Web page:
Uncertain retention strategies

If the reasons why people leave are unknown, it’s tricky to know what to do to make them stay.

Ineffective resource allocation

Not knowing why people leave might mean spending resources in the wrong places, which won’t help keep them.

Increased turnover

Ignoring why people leave can lead to more people leaving, creating a constant cycle of hiring and training new workers.

Loss of organizational knowledge

Not paying attention to who leaves means losing valuable skills and knowledge that could help the company.

Poor employer branding

High turnover rates can make the company look bad as an employer, making it harder to find new workers.

How can DAPs help with employee attrition?

How can DAPs help with employee attrition_

Employees leaving a workplace can be linked to key issues. These include poor onboarding experiences or lack of support with digital tools.

The good news is that digital adoption platforms like WalkMe can help. Using such platforms can improve employee engagement, training, and overall satisfaction.

Here’s how:

Improved onboarding

DAPs can provide guided onboarding processes. These ensure new employees receive clear instructions and support as they learn their roles.

This helps them feel confident and engaged from the start. It reduces the chance of them leaving due to feeling overwhelmed or unsupported.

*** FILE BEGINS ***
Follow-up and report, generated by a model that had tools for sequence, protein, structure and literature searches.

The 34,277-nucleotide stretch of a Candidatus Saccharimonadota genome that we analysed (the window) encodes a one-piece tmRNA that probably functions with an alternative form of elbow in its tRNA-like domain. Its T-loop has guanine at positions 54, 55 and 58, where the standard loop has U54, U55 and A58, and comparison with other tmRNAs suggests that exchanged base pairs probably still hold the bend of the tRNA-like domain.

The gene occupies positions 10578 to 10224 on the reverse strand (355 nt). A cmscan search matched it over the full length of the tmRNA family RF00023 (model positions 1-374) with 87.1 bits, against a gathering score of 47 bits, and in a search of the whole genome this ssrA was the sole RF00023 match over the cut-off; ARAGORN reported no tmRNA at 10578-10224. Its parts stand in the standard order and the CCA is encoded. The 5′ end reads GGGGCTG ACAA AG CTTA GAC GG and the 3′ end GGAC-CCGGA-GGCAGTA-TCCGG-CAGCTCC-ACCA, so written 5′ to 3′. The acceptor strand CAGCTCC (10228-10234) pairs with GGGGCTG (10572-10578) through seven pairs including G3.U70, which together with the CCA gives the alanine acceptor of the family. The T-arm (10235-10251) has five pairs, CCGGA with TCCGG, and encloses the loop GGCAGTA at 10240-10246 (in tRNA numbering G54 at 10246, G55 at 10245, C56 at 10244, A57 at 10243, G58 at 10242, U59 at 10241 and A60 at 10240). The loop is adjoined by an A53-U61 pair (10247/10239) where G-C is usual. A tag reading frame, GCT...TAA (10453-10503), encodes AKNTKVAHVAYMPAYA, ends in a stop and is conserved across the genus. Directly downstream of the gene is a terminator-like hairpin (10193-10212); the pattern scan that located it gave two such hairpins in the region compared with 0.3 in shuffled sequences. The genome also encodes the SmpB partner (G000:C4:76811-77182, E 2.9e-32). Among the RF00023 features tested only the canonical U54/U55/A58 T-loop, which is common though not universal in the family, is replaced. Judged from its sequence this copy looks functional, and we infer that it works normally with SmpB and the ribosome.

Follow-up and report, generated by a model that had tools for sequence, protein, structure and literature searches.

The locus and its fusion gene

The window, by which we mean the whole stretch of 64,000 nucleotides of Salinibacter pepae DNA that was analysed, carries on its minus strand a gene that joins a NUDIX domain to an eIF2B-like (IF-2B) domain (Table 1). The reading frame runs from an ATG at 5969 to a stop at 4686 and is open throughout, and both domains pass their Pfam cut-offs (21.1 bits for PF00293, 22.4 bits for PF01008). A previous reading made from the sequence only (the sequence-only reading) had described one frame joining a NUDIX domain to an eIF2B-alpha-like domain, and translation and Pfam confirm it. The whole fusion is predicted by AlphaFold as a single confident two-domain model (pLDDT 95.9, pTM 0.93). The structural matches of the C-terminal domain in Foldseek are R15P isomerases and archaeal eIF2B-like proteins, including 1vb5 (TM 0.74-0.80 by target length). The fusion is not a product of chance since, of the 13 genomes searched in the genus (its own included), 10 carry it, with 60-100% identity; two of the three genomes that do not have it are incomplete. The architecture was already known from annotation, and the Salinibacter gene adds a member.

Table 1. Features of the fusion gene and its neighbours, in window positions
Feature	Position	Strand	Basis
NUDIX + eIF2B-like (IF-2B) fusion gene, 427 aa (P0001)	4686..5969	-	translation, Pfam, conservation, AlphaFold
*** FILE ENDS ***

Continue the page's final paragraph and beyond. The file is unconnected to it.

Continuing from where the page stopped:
How can WalkMe help?

In-app guidance provides prompts and tips while users are within the software.

They learn how to use digital tools more quickly.

Importantly, they receive clear instructions and support right when and where they need it.

Continuous training and learning

DAPs offer ongoing training and support for employees. It helps them to use various digital tools and systems within the organization.

This continuous learning environment keeps employees engaged and invested in their development. They will become less likely to leave due to feeling unchallenged.

It’s vital for companies to consider the upskilling opportunities available. That’s because almost half of employees would move to another job if the organization offered the chance to learn new skills.

How can WalkMe help?

The platform helps employees to learn continuously. For example, guided workflows can feature quizzes, polls and branching logic. These elements help to create a bespoke learning experience.

As users continue navigating the platform, in-app prompts encourage them to consistently acquire new skills. This helps with adapting to organizational and industry changes.

Personalized support